Build a Balanced Manufacturing Business Model
The technological revolution in the manufacturing sector, commonly referred to as “Manufacturing 2.0,” is enabling companies to operate faster and more efficiently than ever before. But embracing the future doesn't mean you need to throw out everything perceived as “old.” Your company's business model will likely be best served by balancing current practices with future-oriented initiatives. As you approach the end of 2019, focus your business's planning sessions on achieving such a balance.
During year-end business planning sessions, concentrate on these five key aspects of your business model:
1. The skills gap. The need to attract qualified workers remains one of the most daunting challenges in the manufacturing industry. Some manufacturers are moving away from traditional recruiting methods and building new corporate cultures that appeal to tech-savvy Millennials. As a result, your company might need to make cutting-edge technology available to workers and encourage them to apply it in unique ways.
But remember, it's not just about attracting young talent — you also need to retain it. In addition, cultural shifts risk alienating older workers who have the experience and expertise you can't afford to lose. So be careful when making significant changes to ensure they're meaningful and that they include all of your factory's workers. Reverse mentoring can help bridge the generational gap. The idea behind it is that younger employees have a lot to teach older ones about work-related matters, especially those that relate to the use of technology and the Internet of Things.
2. Supply chains. These days, the term “supply chain” is a bit of a misnomer because systems are no longer strictly linear. In fact, the supply chain is migrating from the office or factory to the cloud. Thanks to cloud-based data, the supply chain is more responsive and demand-based. In turn, companies that use these capabilities won't need to tie up as much working capital in inventory. To take full advantage of the cloud, you'll need to invest in big data and organizational restructuring. Also, while digital processes facilitate customer responsiveness, increased connectivity can threaten your supply chain's resiliency. These considerations are all part of the bigger balancing act.
3. Customer service. In an increasingly competitive marketplace, customer relationships are critical. Many manufacturers are adopting greater interactivity and awareness to engage their customer base. What does this mean in practice? If you're trying to boost both quality and speed, enhance avenues for placing orders and find new ways to coordinate existing products with services.
For example, you might provide cloud-based access to sales data and inventory records with supply chain partners. If a supplier sees you're running low on a raw material, it might contact you about ordering more — or you might instruct the vendor to automatically reorder more material if your inventory level falls below a predetermined amount. Likewise, if you can check a key customer's upcoming orders, you might be able to anticipate its need for a particular part and ramp up production. This kind of change requires a revised business model, including exclusive long-term contracts with certain customers and suppliers. Over time, the supply chain may shift as economies of scale emerge. However, this connectivity will also provide new risks for manufacturing companies to factor into the equation.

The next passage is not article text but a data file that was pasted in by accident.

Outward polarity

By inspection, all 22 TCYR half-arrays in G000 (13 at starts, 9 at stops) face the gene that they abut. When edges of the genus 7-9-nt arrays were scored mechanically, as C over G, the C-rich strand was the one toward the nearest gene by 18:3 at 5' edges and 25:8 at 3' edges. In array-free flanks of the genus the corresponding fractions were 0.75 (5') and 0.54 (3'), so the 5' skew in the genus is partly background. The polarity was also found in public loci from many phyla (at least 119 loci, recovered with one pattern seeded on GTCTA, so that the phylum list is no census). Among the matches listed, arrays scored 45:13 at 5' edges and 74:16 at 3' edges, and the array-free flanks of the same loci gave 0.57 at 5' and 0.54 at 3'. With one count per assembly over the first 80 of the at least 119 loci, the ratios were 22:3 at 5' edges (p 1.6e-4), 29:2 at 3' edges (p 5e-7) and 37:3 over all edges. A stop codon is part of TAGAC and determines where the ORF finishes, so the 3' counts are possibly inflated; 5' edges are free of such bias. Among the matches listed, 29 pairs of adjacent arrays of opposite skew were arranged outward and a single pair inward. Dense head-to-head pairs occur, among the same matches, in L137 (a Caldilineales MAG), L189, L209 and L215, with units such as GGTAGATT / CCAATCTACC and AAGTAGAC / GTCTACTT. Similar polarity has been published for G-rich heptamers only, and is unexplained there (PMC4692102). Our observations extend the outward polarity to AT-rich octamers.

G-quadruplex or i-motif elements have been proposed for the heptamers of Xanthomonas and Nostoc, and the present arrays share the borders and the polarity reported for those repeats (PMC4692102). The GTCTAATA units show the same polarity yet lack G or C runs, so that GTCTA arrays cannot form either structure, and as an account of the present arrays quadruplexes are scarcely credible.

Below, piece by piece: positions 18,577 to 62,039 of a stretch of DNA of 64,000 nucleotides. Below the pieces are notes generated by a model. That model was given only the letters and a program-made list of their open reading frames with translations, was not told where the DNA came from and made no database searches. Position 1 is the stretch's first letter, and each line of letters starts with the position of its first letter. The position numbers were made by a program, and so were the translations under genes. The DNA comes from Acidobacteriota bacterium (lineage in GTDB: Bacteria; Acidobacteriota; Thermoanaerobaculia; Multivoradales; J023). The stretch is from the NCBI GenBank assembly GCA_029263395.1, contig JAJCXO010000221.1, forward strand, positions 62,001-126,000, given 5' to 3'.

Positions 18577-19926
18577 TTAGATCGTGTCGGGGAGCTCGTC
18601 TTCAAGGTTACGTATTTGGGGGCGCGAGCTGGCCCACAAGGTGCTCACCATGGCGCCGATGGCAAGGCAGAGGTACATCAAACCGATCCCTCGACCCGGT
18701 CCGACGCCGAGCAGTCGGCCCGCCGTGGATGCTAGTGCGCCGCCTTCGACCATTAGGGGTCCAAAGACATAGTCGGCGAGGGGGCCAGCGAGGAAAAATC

4. Big data. The importance of big data can't be overstated. However, it's one thing to collect the data and another to analyze it and implement your findings. Make sure you allocate enough of your budget to data projects that enable you to get a leg up on the competition. To do this, you'll need a comprehensive management system. This includes platforms for gathering data, integrating it into your operations and examining the data to produce actionable insights.
5. Enterprise protection. To take advantage of strategic opportunities, you must first manage compliance, operational and strategic risks. Even if you know how to head off traditional manufacturing risks — for example, mechanical failures, worker injuries and growing competition — you may not be prepared for current and emerging threats. For example, data breaches or denial-of-service (DOS) attacks can strike your systems without warning. If you haven't made network security a priority and aren't prepared to react to an incident 24/7, cyberattacks can shut down factory operations and lead to major financial losses and negative publicity.
Though technological advancements can bring opportunities for improving performance, manufacturers can't afford to abandon their core strengths. Success as a 21st-century manufacturer requires a careful balance between time-tested business models and innovative, technology-driven improvements. Diligently assess where you are today and where you plan to go tomorrow.